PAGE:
“Your body is not prepared to have a constant flow of adrenaline. The only way to naturally reset the adrenaline and norepinephrine is recuperative sleep, but you never get that if your amygdala is hyperactive,” Hinkle said.
For officers, secondary trauma comes from different sources. Even today, Hinkle becomes emotional describing how officers sometimes have to repeatedly look at disturbing evidence to understand a case. In his final year as an officer, for example, he worked on 48 child sexual abuse cases.
Hess, the Crisis Intervention Training supervisor for KCPD, described the culmination of witnessing traumatic events like “death by a thousand paper cuts.”
The goal of CIT is to give law enforcement officers a better understanding of how to work with people with mental illnesses. Hess said the program has had the interesting side effect of making officers more aware of their own mental health challenges.
Currently, about 40 percent of KCPD’s officers are CIT trained, Hess said, and the 40-hour course is voluntary. Starting next year, officers who are not CIT trained will be required to take a shorter mental health training course.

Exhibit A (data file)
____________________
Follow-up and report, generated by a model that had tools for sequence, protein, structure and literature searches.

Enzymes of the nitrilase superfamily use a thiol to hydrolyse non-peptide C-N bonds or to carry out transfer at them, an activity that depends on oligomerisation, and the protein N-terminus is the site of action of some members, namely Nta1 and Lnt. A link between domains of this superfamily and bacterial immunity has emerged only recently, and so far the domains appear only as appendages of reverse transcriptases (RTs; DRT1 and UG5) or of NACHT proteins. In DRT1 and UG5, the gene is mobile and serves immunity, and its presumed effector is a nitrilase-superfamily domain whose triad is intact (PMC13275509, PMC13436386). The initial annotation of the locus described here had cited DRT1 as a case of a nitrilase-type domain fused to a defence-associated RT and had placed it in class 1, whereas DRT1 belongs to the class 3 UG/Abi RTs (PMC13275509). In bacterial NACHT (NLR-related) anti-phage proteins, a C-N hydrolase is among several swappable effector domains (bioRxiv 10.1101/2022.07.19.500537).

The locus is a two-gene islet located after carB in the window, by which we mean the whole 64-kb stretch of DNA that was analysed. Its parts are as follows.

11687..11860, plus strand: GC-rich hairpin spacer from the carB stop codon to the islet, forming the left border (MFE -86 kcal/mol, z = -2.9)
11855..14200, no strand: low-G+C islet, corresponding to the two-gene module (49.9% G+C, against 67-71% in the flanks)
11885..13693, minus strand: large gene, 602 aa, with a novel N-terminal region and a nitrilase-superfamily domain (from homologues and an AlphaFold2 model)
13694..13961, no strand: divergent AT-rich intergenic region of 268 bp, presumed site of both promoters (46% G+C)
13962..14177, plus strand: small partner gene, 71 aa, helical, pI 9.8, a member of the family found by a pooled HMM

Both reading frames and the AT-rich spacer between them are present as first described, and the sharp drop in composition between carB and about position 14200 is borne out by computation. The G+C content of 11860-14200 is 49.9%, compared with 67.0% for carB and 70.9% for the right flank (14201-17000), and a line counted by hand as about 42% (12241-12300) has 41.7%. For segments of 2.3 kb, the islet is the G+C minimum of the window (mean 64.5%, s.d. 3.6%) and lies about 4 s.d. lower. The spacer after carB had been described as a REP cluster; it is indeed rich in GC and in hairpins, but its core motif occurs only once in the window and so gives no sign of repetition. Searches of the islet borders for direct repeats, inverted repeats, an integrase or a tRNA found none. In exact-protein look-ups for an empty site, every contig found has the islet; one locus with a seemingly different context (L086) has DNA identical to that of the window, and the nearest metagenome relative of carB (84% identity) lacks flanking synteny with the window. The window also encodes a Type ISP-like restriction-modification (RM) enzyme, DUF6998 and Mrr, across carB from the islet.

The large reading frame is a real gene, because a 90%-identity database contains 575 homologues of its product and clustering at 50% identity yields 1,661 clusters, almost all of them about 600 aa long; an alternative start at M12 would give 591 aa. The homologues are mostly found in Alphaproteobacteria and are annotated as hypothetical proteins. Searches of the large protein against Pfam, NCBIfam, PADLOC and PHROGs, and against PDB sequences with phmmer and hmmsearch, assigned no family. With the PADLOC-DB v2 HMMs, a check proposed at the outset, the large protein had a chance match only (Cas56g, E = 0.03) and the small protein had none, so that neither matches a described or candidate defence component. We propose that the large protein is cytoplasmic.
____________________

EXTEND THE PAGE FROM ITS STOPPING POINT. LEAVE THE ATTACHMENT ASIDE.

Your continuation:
Hess sees a lot of promise in a peer-to-peer counseling program that was passed in Missouri legislation on June 1. In it, officers would be paired with a peer for confidential counseling and support after traumatic incidents.
“Maybe you don’t want to talk to a social worker or a doctor in that clinical setting, but you will talk to your buddy,” Hess said. “As long as you talk to somebody and have some plan, we have all figured that that’s better than not talking to anybody.”
So while Hess doesn’t see a two year on/off rotation as practical for KCPD, there are multiple approaches for stress management and addressing secondary trauma.
— Meg Vatterott is a graduate student at the University of Missouri studying journalism with an emphasis in visual editing. Follow Flatland @FlatlandKC.